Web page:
God has given us an ironclad promise for life on this earth. He says that when our enemy attempts to walk over us, “My people shall know my name: therefore they shall know in that day that day that I am he that doth speak: behold, it is I” (Isaiah 52:6). In other words, God says, “When you’re in your darkest trial, I will come and speak a word to you. You’ll hear me say, ‘It is I, Jesus, your Savior. Don’t be afraid.’”
In Matthew 14, the disciples were on a boat in an awful storm, being tossed about by torrents of wind and waves. Suddenly, the men saw Jesus walking toward them on the water. Scripture says, “When the disciples saw him walking on the sea, they were troubled, saying, it is a spirit; and they cried out for fear” (Matthew 14:26). What did Jesus do in that fearful moment? “Straightway Jesus spake unto them, saying, Be of good cheer: it is I; be not afraid” (14:27, italics mine).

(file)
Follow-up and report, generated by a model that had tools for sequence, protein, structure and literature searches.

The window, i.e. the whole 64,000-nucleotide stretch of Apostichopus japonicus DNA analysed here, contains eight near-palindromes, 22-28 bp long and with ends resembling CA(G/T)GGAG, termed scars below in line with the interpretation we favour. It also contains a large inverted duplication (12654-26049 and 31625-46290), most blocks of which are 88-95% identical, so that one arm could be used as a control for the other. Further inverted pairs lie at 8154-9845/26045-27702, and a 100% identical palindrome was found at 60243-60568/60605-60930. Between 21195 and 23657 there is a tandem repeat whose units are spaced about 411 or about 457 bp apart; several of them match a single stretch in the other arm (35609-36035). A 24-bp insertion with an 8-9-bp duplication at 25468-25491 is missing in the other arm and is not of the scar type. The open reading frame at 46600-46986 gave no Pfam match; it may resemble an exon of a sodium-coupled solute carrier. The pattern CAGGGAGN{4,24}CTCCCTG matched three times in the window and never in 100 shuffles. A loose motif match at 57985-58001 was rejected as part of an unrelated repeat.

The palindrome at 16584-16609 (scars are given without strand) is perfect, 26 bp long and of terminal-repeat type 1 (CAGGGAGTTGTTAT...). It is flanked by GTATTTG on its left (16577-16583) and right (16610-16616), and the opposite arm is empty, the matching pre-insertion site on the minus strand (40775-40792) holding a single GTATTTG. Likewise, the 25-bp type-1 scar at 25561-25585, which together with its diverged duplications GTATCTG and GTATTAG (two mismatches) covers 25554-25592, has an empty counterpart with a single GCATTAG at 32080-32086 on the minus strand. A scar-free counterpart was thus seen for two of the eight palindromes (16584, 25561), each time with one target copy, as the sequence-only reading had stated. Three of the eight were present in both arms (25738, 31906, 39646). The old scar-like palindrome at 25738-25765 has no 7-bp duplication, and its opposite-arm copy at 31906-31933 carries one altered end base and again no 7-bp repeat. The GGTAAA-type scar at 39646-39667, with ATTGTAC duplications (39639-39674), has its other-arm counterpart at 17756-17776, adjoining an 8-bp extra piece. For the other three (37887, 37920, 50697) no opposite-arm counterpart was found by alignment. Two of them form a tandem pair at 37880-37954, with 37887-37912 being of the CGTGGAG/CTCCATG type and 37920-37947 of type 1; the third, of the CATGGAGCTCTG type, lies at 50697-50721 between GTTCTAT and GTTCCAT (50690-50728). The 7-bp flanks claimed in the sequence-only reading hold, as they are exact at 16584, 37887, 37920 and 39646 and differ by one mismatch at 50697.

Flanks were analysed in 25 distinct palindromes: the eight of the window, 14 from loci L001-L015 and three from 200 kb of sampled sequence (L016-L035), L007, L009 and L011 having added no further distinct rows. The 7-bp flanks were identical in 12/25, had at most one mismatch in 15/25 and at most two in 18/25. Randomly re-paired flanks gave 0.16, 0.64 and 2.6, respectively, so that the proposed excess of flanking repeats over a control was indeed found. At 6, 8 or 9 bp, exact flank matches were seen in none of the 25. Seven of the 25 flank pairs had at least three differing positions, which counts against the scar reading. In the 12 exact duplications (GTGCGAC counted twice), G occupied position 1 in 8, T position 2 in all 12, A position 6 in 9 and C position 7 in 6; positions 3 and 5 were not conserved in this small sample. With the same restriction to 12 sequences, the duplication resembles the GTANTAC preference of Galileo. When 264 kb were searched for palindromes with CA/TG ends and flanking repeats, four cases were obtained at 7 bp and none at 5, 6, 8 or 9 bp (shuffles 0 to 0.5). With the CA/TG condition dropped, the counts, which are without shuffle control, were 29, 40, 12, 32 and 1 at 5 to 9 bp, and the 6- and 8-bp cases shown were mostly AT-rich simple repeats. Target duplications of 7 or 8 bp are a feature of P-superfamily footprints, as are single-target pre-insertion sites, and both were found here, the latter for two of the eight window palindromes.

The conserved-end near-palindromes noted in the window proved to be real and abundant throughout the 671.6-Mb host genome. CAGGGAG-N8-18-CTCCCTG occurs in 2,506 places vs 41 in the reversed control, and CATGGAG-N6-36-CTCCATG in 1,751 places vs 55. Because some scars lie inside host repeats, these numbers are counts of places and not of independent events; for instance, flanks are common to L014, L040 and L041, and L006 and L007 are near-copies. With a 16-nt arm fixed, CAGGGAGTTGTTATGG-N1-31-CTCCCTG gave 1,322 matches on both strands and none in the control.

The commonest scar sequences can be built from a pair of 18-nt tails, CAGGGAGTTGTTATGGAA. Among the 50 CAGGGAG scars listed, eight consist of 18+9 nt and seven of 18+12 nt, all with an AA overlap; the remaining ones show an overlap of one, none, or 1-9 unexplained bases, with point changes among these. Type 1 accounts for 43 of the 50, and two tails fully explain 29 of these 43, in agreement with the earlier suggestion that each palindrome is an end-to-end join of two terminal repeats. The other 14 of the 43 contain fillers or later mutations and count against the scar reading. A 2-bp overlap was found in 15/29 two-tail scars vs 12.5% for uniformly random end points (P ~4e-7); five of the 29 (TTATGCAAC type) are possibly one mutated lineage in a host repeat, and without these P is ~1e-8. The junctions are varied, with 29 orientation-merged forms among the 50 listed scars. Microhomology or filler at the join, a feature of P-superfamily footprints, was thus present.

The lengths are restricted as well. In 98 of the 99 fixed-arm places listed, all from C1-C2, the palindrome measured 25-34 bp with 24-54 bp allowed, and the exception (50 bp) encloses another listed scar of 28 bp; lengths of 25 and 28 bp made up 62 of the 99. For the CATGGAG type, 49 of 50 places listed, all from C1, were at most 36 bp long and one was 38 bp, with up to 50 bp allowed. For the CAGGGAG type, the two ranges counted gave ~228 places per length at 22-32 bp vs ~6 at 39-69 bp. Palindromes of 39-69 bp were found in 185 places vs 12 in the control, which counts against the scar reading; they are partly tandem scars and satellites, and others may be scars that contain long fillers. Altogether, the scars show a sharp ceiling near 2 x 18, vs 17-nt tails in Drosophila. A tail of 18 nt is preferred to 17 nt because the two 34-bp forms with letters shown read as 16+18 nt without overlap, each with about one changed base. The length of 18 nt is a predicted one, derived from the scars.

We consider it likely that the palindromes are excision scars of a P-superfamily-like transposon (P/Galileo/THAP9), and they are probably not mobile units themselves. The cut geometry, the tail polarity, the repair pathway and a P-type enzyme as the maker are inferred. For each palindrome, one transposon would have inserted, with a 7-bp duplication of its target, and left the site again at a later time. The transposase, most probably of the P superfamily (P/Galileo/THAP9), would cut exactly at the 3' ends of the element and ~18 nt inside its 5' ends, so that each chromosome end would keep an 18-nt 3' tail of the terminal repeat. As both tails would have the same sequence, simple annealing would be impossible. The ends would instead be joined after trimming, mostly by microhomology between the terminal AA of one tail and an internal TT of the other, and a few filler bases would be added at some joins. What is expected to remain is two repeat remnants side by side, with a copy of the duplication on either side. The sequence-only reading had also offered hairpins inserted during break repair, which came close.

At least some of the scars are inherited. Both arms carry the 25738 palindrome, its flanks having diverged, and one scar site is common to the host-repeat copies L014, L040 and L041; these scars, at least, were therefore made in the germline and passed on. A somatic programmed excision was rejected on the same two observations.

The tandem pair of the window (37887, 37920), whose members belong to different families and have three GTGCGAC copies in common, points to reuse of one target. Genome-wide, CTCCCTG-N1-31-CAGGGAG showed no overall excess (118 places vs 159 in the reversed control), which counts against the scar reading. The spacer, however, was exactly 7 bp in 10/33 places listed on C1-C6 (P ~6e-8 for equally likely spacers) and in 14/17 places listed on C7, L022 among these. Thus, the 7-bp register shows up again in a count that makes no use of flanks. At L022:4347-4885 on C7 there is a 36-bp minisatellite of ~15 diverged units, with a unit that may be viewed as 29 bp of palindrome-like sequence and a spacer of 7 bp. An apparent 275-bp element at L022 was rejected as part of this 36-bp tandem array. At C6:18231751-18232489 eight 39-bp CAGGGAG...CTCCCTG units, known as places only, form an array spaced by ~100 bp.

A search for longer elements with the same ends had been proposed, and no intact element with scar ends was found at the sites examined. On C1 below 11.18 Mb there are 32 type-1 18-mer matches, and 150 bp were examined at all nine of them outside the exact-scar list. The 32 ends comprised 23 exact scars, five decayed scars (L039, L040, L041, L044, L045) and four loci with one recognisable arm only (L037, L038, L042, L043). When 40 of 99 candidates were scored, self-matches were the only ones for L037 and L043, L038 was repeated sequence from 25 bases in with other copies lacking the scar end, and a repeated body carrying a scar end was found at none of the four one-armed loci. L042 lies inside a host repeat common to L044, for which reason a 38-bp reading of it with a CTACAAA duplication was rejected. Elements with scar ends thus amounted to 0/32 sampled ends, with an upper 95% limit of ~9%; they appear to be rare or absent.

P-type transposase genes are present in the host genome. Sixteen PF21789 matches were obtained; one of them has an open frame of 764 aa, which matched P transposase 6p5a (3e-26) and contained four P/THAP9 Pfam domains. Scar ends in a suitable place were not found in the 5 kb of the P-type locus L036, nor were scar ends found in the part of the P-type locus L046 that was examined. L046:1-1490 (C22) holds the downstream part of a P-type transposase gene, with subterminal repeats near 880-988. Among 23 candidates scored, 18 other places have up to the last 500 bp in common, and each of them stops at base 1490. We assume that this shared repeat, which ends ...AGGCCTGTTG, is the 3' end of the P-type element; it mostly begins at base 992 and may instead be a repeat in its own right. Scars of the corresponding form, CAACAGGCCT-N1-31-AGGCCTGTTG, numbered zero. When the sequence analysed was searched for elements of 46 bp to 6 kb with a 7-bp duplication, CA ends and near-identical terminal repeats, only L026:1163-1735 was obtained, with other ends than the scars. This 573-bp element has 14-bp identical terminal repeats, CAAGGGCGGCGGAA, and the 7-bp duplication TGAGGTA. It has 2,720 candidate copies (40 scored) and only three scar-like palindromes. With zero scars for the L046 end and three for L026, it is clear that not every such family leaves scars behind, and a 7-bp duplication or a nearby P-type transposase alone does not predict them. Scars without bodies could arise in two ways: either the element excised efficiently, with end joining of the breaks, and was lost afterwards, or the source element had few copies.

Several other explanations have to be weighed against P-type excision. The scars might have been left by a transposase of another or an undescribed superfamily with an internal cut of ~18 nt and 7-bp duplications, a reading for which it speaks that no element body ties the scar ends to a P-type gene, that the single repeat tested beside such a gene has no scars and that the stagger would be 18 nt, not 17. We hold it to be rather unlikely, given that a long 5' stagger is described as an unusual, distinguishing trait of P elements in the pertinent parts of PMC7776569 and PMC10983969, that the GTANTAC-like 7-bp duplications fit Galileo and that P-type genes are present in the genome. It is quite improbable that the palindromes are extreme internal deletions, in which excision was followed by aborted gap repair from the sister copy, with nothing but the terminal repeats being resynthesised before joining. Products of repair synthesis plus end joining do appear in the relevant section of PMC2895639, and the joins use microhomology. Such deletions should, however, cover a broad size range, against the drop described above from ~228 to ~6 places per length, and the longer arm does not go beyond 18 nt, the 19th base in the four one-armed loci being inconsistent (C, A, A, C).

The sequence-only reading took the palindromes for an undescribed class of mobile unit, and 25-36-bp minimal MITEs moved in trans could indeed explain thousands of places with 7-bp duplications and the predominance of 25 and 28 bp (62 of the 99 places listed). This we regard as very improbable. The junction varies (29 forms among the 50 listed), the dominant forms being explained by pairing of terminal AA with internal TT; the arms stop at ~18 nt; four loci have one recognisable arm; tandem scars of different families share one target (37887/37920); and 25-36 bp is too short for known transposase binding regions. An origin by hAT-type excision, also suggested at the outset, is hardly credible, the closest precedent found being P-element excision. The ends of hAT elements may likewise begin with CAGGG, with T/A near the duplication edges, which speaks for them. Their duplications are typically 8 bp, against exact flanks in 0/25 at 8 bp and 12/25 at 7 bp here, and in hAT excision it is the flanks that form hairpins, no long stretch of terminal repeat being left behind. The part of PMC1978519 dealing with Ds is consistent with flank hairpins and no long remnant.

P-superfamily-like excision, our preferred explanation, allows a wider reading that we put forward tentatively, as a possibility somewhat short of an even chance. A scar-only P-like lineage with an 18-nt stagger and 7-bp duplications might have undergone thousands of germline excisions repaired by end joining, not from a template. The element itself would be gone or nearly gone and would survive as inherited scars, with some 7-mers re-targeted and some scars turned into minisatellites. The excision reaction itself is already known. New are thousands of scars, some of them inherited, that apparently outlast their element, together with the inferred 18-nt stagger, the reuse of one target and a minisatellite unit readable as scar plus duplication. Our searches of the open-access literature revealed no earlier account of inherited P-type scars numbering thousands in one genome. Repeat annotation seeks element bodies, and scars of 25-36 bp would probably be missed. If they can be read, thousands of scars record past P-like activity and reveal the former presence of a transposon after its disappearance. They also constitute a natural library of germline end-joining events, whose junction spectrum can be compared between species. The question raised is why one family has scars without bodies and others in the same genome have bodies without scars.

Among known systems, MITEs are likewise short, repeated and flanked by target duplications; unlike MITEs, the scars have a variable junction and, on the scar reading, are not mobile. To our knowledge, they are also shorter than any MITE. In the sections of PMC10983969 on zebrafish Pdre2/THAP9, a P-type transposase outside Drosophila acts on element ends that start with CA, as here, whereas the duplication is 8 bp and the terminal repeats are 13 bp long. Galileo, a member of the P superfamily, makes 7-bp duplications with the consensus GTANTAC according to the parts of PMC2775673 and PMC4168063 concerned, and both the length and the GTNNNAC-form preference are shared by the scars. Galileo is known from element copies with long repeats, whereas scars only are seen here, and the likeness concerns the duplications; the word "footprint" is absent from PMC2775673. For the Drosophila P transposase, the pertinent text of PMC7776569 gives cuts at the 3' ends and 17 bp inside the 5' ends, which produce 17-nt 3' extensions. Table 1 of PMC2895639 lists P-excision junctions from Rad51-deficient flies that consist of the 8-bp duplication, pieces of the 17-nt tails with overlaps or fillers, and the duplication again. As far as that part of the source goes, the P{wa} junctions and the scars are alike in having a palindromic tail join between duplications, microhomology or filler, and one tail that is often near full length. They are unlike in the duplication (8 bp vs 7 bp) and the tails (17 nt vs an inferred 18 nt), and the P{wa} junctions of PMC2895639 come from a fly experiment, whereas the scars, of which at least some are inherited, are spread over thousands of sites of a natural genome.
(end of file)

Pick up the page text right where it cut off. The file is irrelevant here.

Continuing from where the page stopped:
I’ve wondered why Jesus used these particular words, “Be of good cheer.” Why would he say this to men who thought they were about to die?
The word cheer means “to be relieved, happy, released from fear.” And here, in the disciples’ time of distress, Jesus tied the word to his identity. Remember, these men knew him personally. And he expected them to act on his word by faith. He was saying, “The Father has promised I’ll come to you in your storm. It is written, ‘They shall know in that day that I am he that doth speak: behold, it is I’ (Isaiah 52:6, italics mine). Now I’ve come to you in your storm. It’s me, Jesus, here with you in the midst of it all. So, cheer up.” Likewise, our Savior expects the same faith reaction from us, in our distressing times.